675 s=t[:2,:,2:6,5] # s has rank 3
676 s[:,:,1]=1.
677 t[:2,:2,5,5]=s[2:4,1,:2]
678 \end{python}
679
680 \subsection{Generation of \Data objects}
681 \begin{classdesc}{Data}{value=0,shape=(,),what=FunctionSpace(),expand=\False}
682 creates a \Data object with \Shape \var{shape} in the \FunctionSpace \var{what}.
683 The values at all \DataSamplePoints are set to the double value \var{value}. If \var{expanded} is \True
684 the \Data object is represented in expanded from.
685 \end{classdesc}
686
687 \begin{classdesc}{Data}{value,what=FunctionSpace(),expand=\False}
688 creates a \Data object in the \FunctionSpace \var{what}.
689 The value for each \DataSamplePoints is set to \var{value}, which could be a \numpy, \Data object \var{value} or a dictionary of
690 \numpy or floating point numbers. In the latter case the keys must be integers and are used
691 as tags.
692 The \Shape of the returned object is equal to the \Shape of \var{value}. If \var{expanded} is \True
693 the \Data object is represented in expanded form.
694 \end{classdesc}
695
696 \begin{classdesc}{Data}{}
697 creates an \EmptyData object. The \EmptyData object is used to indicate that an argument is not present
698 where a \Data object is required.
699 \end{classdesc}
700
701 \begin{funcdesc}{Scalar}{value=0.,what=FunctionSpace(),expand=\False}
702 returns a \Data object of rank 0 (a constant) in the \FunctionSpace \var{what}.
703 Values are initialized with \var{value}, a double precision quantity. If \var{expanded} is \True
704 the \Data object is represented in expanded from.
705 \end{funcdesc}
706
707 \begin{funcdesc}{Vector}{value=0.,what=FunctionSpace(),expand=\False}
708 returns a \Data object of \Shape \var{(d,)} in the \FunctionSpace \var{what},
709 where \var{d} is the spatial dimension of the \Domain of \var{what}.
710 Values are initialed with \var{value}, a double precision quantity. If \var{expanded} is \True
711 the \Data object is represented in expanded from.
712 \end{funcdesc}
713
714 \begin{funcdesc}{Tensor}{value=0.,what=FunctionSpace(),expand=\False}
715 returns a \Data object of \Shape \var{(d,d)} in the \FunctionSpace \var{what},
716 where \var{d} is the spatial dimension of the \Domain of \var{what}.
717 Values are initialed with \var{value}, a double precision quantity. If \var{expanded} is \True
718 the \Data object is represented in expanded from.
719 \end{funcdesc}
720
721 \begin{funcdesc}{Tensor3}{value=0.,what=FunctionSpace(),expand=\False}
722 returns a \Data object of \Shape \var{(d,d,d)} in the \FunctionSpace \var{what},
723 where \var{d} is the spatial dimension of the \Domain of \var{what}.
724 Values are initialed with \var{value}, a double precision quantity. If \var{expanded} is \True
725 the \Data object is re\var{arg}presented in expanded from.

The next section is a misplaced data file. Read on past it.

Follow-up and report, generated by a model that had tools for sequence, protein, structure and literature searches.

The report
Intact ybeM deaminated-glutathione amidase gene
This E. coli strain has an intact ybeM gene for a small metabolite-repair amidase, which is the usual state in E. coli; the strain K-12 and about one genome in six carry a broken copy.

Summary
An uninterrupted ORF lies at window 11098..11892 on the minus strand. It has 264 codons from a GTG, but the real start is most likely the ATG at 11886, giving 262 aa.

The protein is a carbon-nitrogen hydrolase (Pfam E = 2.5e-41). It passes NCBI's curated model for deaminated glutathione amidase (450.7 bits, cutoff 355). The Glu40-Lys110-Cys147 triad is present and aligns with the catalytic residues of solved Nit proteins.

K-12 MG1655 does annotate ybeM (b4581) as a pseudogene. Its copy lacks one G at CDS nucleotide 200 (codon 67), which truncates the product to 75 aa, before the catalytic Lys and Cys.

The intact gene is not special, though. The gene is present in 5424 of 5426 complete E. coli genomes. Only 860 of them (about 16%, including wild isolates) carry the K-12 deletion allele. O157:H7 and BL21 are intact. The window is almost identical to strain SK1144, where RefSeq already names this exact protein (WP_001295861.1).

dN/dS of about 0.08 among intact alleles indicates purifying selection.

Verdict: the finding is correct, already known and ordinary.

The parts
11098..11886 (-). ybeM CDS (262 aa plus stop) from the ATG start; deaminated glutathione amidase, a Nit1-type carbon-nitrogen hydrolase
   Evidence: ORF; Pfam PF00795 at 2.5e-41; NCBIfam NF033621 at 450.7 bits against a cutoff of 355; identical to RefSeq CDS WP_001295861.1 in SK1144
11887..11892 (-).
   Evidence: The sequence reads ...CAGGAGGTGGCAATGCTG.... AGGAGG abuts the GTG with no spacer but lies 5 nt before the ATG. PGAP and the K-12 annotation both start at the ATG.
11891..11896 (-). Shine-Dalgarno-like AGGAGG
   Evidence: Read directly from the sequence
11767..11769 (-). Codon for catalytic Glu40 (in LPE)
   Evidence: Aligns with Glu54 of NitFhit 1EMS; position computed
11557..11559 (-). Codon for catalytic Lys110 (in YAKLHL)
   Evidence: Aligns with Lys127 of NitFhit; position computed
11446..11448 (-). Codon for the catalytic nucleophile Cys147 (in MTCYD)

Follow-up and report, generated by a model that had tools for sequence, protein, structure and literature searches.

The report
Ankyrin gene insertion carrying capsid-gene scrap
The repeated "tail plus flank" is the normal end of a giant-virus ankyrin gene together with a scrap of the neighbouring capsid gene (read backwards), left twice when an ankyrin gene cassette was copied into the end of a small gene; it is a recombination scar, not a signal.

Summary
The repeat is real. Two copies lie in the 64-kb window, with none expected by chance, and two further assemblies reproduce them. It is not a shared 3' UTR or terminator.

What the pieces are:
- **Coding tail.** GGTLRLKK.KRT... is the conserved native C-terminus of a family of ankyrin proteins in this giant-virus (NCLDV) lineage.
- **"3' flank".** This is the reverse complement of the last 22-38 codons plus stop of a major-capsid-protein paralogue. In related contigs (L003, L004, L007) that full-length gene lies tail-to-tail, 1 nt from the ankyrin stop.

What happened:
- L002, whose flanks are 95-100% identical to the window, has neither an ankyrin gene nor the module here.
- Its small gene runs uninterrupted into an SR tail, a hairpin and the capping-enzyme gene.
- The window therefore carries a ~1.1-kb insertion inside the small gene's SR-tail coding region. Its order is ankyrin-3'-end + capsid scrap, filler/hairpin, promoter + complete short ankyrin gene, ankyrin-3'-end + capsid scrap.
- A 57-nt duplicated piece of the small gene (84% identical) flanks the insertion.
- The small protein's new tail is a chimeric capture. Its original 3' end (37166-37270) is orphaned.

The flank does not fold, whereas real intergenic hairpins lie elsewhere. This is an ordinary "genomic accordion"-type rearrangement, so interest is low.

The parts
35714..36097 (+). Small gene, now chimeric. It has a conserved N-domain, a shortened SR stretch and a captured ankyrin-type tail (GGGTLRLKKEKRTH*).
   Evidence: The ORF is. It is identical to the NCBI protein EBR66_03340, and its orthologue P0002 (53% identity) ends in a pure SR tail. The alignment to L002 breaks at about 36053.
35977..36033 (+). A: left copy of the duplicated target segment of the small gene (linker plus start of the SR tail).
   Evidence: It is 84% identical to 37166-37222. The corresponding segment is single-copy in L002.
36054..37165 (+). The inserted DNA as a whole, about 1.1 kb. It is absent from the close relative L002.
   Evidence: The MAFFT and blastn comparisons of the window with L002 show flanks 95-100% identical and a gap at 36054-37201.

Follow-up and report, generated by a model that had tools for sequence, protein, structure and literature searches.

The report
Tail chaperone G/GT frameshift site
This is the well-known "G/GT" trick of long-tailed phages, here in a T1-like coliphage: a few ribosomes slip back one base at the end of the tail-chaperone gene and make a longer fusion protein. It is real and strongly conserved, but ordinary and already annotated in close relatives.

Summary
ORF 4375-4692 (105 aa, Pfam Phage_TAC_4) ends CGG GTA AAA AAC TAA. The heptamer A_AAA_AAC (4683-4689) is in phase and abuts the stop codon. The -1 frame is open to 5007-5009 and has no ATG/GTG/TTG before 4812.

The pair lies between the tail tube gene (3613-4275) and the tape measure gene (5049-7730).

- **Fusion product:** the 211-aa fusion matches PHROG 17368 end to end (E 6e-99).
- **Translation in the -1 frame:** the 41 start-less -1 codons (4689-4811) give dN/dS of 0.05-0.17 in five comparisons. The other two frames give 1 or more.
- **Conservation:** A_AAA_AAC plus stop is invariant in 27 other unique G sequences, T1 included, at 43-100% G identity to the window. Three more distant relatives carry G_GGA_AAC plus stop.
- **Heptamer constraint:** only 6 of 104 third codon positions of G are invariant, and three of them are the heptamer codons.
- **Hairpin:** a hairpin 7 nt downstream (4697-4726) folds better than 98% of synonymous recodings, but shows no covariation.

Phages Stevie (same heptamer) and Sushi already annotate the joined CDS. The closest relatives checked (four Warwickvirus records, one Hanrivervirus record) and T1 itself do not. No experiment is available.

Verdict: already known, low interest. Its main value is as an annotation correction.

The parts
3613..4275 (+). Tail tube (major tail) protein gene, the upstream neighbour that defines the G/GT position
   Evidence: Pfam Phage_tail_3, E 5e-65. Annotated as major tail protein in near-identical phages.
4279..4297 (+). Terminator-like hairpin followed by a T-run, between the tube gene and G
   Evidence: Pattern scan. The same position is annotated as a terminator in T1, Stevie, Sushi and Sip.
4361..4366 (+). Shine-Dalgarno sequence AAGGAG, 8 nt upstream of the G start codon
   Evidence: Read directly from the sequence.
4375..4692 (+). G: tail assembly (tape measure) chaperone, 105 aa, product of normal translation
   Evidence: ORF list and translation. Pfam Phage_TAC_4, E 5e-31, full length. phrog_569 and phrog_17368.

726 \end{funcdesc}
727
728 \begin{funcdesc}{Tensor4}{value=0.,what=FunctionSpace(),expand=\False}
729 returns a \Data object of \Shape \var{(d,d,d,d)} in the \FunctionSpace \var{what},
730 where \var{d} is the spatial dimension of the \Domain of \var{what}.
731 Values are initialized with \var{value}, a double precision quantity. If \var{expanded} is \True
732 the \Data object is represented in expanded from.
733 \end{funcdesc}
734
735 \begin{funcdesc}{load}{filename,domain}
736 recovers a \Data object on \Domain \var{domain} from the file \var{filename}, which was created by \function{dump}.
737 \end{funcdesc}
738
739 \subsection{\Data methods}
740 These are the most frequently-used methods of the
741 \Data class. A complete list of methods can be found on \ReferenceGuide.
742 \begin{methoddesc}[Data]{getFunctionSpace}{}
743 returns the \FunctionSpace of the object.
744 \end{methoddesc}
745
746 \begin{methoddesc}[Data]{getDomain}{}
747 returns the \Domain of the object.
748 \end{methoddesc}
749
750 \begin{methoddesc}[Data]{getShape}{}
751 returns the \Shape of the object as a \class{tuple} of
752 integers.
753 \end{methoddesc}
754
755 \begin{methoddesc}[Data]{getRank}{}
756 returns the rank of the data on each data point. \index{rank}
757 \end{methoddesc}
758
759 \begin{methoddesc}[Data]{isEmpty}{}
760 returns \True id the \Data object is the \EmptyData object.
761 Otherwise \False is returned.
762 Note that this is not the same as asking if the object contains no \DataSamplePoints.
763 \end{methoddesc}
764
765 \begin{methoddesc}[Data]{setTaggedValue}{tag_name,value}
766 assigns the \var{value} to all \DataSamplePoints which have the tag
767 assigned to \var{tag_name}. \var{value} must be an object of class
768 \class{numpy.ndarray} or must be convertible into a
769 \class{numpy.ndarray} object. \var{value} (or the corresponding
770 \class{numpy.ndarray} object) must be of rank $0$ or must have the
771 same rank like the object.
772 If a value has already be defined for tag \var{tag_name} within the object